Do used car dealerships charge too much?

Do used car dealerships charge too much?

Yes and no. Fees charged by your state or local government are mandatory and cannot be disputed. Fees charged by dealers are allowed by law but must be uniform. They cannot charge one fee for one customer and a completely different fee for another. You could ask a dealer to reduce the price of the vehicle by whatever amount the fee costs.

Do all dealerships sell used cars?

Most dealerships endeavor to sell the used cars within the market rate because buyers are more aware of the average price of the vehicles they are interested in buying. If you would like to buy the car at the same price as dealers, you should consider buying a car from online auction sites like Auto Auction Mall.

Can an used car dealership sell legally sell it?

Though a used car dealer isn’t technically supposed to sell a car without the title, it does happen. In some cases, a dealer simply takes possession of the car and displays it on the selling lot even though they’re still waiting for the title to receive the title in the dealership’s name.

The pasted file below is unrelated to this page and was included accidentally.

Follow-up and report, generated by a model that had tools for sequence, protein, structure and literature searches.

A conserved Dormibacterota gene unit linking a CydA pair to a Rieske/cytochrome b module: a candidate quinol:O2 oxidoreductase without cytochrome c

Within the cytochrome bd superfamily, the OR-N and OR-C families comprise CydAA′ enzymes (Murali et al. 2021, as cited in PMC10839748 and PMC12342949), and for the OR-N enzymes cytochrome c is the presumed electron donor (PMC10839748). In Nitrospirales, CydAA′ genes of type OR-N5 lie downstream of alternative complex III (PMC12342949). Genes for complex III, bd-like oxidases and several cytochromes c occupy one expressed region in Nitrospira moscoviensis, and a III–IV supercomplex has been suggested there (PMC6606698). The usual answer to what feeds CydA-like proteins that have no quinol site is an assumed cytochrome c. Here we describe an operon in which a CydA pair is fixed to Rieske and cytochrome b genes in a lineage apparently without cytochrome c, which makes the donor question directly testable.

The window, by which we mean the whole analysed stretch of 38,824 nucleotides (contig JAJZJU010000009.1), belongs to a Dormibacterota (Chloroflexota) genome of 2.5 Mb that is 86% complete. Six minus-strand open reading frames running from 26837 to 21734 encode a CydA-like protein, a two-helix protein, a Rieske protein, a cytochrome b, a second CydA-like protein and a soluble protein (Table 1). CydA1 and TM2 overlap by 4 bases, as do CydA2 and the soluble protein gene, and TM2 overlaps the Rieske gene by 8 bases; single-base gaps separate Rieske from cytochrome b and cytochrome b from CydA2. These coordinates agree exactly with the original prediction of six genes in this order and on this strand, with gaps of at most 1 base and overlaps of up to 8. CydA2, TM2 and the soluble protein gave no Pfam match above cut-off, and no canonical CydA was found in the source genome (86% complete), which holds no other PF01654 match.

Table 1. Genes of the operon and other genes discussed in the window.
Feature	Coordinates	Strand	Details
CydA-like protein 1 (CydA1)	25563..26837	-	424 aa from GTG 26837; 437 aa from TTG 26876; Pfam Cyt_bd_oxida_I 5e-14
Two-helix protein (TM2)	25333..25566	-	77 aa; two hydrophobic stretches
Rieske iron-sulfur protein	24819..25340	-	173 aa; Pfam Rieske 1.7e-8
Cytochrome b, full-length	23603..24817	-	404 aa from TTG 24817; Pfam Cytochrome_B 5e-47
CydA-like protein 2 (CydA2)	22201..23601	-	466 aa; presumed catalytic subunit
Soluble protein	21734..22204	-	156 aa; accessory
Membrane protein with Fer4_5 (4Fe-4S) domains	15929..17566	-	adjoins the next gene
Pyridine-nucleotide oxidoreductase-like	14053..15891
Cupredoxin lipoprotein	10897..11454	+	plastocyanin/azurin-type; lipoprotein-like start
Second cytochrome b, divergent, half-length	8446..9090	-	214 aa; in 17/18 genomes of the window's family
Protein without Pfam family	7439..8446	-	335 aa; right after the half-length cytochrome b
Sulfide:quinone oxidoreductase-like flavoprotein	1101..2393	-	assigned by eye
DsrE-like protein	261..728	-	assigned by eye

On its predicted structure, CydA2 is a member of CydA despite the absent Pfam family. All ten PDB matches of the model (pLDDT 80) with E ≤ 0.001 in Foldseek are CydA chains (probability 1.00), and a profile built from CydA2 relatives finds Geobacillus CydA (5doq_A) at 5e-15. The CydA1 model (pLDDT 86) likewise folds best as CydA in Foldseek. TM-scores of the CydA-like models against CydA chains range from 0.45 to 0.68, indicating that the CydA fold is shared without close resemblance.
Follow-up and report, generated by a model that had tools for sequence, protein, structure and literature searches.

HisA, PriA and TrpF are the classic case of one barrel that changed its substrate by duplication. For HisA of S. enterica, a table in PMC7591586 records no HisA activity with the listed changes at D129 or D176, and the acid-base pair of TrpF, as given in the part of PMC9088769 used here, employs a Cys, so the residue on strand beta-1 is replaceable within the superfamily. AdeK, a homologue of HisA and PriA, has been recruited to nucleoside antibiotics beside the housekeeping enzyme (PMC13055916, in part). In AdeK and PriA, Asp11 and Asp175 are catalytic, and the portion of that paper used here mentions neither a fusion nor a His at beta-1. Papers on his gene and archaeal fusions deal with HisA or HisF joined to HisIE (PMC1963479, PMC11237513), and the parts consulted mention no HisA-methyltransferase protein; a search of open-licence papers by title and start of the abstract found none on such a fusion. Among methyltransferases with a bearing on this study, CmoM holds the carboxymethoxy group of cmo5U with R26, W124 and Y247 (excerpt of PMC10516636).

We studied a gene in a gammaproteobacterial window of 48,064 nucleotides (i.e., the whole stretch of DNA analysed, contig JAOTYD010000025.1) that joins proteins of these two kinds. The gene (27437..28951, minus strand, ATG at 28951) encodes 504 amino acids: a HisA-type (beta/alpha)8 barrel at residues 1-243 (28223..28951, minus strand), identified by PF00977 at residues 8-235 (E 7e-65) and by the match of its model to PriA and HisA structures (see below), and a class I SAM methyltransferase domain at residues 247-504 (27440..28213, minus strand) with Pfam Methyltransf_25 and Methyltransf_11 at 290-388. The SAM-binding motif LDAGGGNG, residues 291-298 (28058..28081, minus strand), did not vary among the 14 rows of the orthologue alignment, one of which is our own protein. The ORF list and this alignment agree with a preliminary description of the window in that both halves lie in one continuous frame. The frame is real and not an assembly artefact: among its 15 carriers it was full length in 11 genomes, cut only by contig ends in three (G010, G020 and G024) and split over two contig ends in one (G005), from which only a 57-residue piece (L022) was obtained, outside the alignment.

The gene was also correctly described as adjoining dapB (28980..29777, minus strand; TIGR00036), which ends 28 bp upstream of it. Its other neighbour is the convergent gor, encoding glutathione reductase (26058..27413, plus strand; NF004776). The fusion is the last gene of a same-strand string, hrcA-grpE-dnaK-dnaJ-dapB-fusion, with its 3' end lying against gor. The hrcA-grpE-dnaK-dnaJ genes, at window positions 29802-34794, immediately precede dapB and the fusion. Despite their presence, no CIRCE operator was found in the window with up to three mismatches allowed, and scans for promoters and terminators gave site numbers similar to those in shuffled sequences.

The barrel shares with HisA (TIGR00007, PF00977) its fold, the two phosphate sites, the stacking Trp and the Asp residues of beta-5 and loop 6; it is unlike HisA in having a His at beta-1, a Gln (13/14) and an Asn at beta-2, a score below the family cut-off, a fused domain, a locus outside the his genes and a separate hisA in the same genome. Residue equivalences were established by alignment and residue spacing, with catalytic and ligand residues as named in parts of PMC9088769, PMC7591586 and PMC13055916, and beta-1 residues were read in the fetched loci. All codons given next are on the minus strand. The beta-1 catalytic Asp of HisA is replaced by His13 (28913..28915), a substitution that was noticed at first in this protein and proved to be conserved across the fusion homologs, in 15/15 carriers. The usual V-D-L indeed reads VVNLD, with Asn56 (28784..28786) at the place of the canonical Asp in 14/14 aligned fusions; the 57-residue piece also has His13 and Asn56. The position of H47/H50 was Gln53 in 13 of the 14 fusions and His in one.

Do dealerships ship used cars?

Yes, your car dealership can ship a car to another dealership. No car dealership can do business alone. If you want to get the most out of business opportunities available out there in the market, you will need to partner with the other car dealerships in your local area.

Do car dealers charge sales tax on used cars?

Yes, you must pay vehicle sales tax when you buy a used car if you live in a state that has sales tax. However, you do not pay that tax to the car dealer or individual selling the car. You will pay it to your state’s DMV when you register the vehicle. The state where you pay vehicle registration fees is the one that charges the sales tax, not the state where you made the vehicle purchase.

Do dealerships take damaged cars?

Sure. They may not give you very much for it, but they’ll take it. Many dealers, especially new car dealers, will only sell used cars in reasonably good shape, so they’ll promptly sell the “undesirable” to a broker. Or to a scrap yard.